What Medications Affect Nerve Conduction Study?


What Medications Affect Nerve Conduction Study
For example, excess alcohol consumption, hypothyroidism, diabetes, systemic diseases, or neurologic medications such as muscle relaxants, opioids, or psychotropic medications can all affect the results of a nerve conduction study.
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What medications interfere with nerve conduction test?

If an EMG is requested, we ask that you be off of all muscle spasm/relaxer medications for at least 24 hours before your EMG. Common examples of these medications include baclofen, clonazepam, diazepam, alprazolam, lorazepam, and tizanadine.
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What should I avoid before nerve conduction study?

Do not smoke for 3 hours before the test. Do not eat or drink foods that contain caffeine (such as coffee, tea, cola, and chocolate) for 2 to 3 hours before the test. Wear loose-fitting clothing. You may be given a hospital gown to wear.
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Can you take pain meds before nerve conduction?

Nerve Conduction Studies (NCS) and Electromyography (EMG)

NCS and EMG are done to test muscles and nerves. It is an in-office procedure and does not require hospitalization. On average, an EMG takes anywhere between 30 minutes and 2 hours. It can be done at any time during the day. EMG is a test like an EKG or an X-ray. EMG is not a treatment.

Preparation :

Few preparations are needed on the day you have an EMG. Please notify your physician if you are taking a blood thinner (aspirin, plavix, coumadin, lovenox, etc) as there is a chance of bleeding in to your muscles during needle EMG. Please do not apply any lotion, cream or ointment on the day of test. You will be required to change into a gown for the test. You can have regular meals before the test. You can drive yourself.You can go back to work after the test. Take all your medications on the day of the test. If required, you can take pain medication (Tylenol, Motrin) before the test. No sedation is given during the test.

Procedure :

During this test, you will be lying on an examination table, next to an EMG machine (which looks like a laptop or desktop computer). The test consists of two parts. At times one may be done without the other.

Nerve Conduction Studies

The first part is called Nerve Conduction Studies. In this part brief electrical shocks are delivered to your arm or leg similar to a “funny bone feeling”, one gets when the elbow hits a hard surface. The procedure consists of stimulating a nerve and the response is recorded by the electrodes. The strength of the current varies and the electric shock at time s may be uncomfortable. As the electric stimulation is for a brief duration there is no discomfort in between stimulations and will not last long. The response is recorded on the computer and can be observed on the computer screen. As there are several nerves in a limb, the procedure is repeated to test the different nerves.


The second part of the test is called Needle electromyography. A needle is stuck into different muscles and the response is recorded on the computer screen. The needles are thin and very fine. They are thinner than the needles used to draw blood. Usually 5-6 muscles are tested in each limb and at times other muscles in the body may be tested depending on the diagnosis. No electric shocks are delivered at time of the needle EMG test.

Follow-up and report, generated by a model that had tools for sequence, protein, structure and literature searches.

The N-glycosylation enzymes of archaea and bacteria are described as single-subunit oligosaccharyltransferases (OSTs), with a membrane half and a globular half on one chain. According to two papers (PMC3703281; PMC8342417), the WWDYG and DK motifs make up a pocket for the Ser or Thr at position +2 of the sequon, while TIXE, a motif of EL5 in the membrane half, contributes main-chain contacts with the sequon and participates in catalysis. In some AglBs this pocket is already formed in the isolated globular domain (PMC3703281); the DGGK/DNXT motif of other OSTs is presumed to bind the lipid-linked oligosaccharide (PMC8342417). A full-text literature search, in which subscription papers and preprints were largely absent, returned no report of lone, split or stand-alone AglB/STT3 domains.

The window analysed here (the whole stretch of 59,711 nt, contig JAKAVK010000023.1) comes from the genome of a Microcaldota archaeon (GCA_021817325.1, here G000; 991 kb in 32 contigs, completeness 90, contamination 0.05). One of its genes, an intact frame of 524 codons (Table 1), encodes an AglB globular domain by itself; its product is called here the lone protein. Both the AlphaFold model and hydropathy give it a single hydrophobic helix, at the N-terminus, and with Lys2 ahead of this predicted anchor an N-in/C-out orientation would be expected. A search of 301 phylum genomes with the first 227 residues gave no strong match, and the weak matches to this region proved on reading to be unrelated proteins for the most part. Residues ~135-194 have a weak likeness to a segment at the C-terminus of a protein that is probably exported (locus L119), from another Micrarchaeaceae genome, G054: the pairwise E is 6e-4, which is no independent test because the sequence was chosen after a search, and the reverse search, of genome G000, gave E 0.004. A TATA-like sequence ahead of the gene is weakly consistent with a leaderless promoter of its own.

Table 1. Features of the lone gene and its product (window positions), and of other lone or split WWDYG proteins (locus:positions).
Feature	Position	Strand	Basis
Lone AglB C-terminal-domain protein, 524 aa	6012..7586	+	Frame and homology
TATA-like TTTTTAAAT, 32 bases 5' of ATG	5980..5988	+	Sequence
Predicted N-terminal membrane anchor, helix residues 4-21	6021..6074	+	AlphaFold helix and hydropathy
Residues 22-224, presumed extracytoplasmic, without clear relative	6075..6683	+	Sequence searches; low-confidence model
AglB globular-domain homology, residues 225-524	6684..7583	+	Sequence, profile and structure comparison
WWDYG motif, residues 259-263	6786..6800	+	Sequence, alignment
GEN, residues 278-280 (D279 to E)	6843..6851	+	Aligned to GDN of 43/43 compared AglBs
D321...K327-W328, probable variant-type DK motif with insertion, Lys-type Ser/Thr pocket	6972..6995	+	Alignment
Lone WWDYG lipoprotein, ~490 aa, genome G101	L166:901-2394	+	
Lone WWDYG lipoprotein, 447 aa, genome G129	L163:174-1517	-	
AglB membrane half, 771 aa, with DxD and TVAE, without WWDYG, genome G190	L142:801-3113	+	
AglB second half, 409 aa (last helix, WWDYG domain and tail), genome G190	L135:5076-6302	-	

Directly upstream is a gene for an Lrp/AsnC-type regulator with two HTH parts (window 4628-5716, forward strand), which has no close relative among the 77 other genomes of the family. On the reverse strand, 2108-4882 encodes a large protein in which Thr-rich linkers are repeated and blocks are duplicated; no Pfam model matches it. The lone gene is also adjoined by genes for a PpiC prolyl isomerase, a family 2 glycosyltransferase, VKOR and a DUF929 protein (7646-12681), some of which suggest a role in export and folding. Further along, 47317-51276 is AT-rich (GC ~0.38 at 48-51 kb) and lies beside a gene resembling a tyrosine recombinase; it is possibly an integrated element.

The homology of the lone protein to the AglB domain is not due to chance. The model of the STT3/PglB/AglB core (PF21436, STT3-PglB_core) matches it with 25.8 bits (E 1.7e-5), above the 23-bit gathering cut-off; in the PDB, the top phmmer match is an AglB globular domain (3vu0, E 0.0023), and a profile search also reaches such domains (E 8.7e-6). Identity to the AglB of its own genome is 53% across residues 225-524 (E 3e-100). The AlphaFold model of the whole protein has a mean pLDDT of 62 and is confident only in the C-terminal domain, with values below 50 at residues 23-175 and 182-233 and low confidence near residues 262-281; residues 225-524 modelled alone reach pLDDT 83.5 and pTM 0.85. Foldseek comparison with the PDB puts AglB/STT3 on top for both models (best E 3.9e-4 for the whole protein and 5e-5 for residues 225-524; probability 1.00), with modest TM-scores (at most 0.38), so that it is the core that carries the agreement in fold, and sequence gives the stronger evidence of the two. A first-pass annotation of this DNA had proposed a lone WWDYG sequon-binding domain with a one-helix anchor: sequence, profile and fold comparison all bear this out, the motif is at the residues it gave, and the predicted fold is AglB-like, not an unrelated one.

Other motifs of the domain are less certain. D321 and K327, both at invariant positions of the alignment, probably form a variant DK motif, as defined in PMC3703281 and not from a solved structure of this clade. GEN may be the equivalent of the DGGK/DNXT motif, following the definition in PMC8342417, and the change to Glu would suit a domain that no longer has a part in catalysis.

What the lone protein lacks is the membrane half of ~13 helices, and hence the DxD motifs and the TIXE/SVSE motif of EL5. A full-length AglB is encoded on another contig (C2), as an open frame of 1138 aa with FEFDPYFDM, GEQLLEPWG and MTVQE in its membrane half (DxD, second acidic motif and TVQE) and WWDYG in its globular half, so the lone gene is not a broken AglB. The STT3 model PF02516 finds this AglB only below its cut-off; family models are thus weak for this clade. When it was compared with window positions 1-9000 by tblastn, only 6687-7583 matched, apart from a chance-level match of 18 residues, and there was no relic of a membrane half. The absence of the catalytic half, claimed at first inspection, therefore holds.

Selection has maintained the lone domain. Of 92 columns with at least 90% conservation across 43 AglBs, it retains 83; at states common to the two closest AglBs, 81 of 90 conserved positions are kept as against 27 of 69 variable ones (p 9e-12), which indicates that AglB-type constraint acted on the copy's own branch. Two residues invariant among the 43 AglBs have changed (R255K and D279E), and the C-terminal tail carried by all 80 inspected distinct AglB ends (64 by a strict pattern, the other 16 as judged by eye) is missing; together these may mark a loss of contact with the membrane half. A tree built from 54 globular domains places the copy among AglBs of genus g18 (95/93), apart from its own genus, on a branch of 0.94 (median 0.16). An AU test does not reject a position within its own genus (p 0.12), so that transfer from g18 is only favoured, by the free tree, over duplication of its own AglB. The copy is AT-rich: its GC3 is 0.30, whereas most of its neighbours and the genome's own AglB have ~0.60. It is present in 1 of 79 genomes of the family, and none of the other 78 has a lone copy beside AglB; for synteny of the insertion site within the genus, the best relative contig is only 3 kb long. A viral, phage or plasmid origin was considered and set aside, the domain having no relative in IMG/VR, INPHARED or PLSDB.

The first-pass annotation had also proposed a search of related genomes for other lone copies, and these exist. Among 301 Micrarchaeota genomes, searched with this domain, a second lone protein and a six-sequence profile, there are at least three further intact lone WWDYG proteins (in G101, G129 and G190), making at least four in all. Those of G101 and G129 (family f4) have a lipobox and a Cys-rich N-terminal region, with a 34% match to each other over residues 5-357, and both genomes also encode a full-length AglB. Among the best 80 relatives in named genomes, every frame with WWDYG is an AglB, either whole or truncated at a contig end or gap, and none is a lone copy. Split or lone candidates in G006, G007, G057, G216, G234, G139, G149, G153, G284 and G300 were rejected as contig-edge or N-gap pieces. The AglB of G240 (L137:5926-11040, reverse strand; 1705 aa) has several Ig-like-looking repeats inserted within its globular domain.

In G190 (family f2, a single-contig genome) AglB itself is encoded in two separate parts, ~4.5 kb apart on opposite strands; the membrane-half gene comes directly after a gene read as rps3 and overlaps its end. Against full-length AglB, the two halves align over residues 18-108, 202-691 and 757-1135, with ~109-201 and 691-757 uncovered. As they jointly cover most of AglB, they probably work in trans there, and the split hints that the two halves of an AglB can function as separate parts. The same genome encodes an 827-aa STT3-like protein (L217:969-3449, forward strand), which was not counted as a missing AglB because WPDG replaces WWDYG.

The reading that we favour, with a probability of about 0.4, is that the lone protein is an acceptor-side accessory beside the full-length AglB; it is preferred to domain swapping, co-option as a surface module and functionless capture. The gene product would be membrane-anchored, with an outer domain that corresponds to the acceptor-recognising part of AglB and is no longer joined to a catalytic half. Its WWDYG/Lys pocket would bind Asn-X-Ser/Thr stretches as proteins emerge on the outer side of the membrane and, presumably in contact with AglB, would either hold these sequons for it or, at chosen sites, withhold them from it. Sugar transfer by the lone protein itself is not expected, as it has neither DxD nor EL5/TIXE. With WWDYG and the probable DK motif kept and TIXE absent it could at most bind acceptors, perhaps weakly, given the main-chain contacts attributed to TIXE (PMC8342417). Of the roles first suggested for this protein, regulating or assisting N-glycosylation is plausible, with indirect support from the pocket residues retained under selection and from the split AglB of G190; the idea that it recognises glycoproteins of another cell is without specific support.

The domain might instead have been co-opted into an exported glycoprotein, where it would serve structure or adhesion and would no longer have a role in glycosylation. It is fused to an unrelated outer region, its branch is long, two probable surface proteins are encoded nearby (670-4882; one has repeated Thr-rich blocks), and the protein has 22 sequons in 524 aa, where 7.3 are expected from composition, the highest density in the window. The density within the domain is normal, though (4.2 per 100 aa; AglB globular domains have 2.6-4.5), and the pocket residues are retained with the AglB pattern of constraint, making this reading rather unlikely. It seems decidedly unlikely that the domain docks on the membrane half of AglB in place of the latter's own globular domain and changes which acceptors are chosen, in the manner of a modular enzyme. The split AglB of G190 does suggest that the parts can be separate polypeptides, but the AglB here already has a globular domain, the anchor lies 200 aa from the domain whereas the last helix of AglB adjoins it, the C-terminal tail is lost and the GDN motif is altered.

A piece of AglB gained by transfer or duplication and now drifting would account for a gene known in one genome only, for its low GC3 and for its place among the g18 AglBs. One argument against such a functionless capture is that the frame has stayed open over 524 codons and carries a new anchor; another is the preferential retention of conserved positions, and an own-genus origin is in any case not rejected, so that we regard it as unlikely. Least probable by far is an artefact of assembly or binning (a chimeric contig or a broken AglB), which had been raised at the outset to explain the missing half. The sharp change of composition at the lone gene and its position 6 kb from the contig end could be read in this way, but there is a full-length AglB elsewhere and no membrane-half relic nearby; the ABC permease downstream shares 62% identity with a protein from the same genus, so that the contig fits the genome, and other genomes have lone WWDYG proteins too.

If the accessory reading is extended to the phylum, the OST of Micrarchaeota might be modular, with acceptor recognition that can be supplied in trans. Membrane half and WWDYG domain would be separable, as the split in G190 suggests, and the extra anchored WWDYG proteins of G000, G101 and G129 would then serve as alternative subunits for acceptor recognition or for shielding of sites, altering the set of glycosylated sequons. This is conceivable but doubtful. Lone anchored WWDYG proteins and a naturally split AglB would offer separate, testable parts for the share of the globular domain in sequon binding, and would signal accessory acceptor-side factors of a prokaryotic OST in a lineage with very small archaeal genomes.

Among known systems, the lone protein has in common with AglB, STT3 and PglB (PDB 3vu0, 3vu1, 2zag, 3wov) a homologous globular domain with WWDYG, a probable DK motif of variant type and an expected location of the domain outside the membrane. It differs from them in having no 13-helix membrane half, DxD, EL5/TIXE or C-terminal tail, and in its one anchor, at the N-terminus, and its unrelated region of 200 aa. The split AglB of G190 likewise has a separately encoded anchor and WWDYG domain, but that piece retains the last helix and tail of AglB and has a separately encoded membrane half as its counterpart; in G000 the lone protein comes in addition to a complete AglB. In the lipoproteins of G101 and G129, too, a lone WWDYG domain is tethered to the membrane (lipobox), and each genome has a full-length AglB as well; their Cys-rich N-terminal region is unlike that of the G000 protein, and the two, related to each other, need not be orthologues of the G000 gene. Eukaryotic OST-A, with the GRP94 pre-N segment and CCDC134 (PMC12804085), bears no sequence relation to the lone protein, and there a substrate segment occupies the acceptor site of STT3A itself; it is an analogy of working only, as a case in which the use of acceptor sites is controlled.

Results : The test results will be ready later that day and will be faxed or mailed to your primary care physician and the referring physician.
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Will gabapentin affect nerve conduction study?

Introduction – The most common type of neuropathy in adults is carpal tunnel syndrome (CTS) caused by compression of the median nerve at the wrist. The prevalence of CTS in the general population, in 2012, was near 3-3.8%, A higher prevalence was reported in women and in manual workers,

Some modalities such as conservative treatment, topical injections and surgery have been used for treatment of CTS, However, the efficacy of these treatments is limited and recurrence of symptoms is common, Current literature demonstrate a trend towards recommending early surgery for CTS cases with or without median nerve denervation, although the American Academy of Orthopedic Surgeons guideline recommends early surgical treatment only for cases with denervation,

CTS affects nerve conduction studies with entrapment of the median nerve. Some modalities like local corticosteroid injection and surgical decompression can significantly improve nerve conduction studies. Hui et al. suggested that surgical decompression resulted in greater improvement in median nerve conduction velocity than a single injection of steroid,

Gabapentin is an antiepileptic drug and structurally related to Gama-Amino Butyric Acid (GABA). Gabapentin action include high affinity binding to calcium channels and alteration of neurotransmitter release and blood serotonin levels, Gabapentin is used in a variety of neuropathic pain conditions such as diabetic neuropathy, post herpetic neuralgia, and spinal cord injury,

The safety and tolerability of this drug were reported by researchers, However, the studies on effects of gabapentin on nerve conduction studies have been limited. Gabapentin may close chloride channels and open calcium channels in neural cells, as well as change ion flow by membrane channels.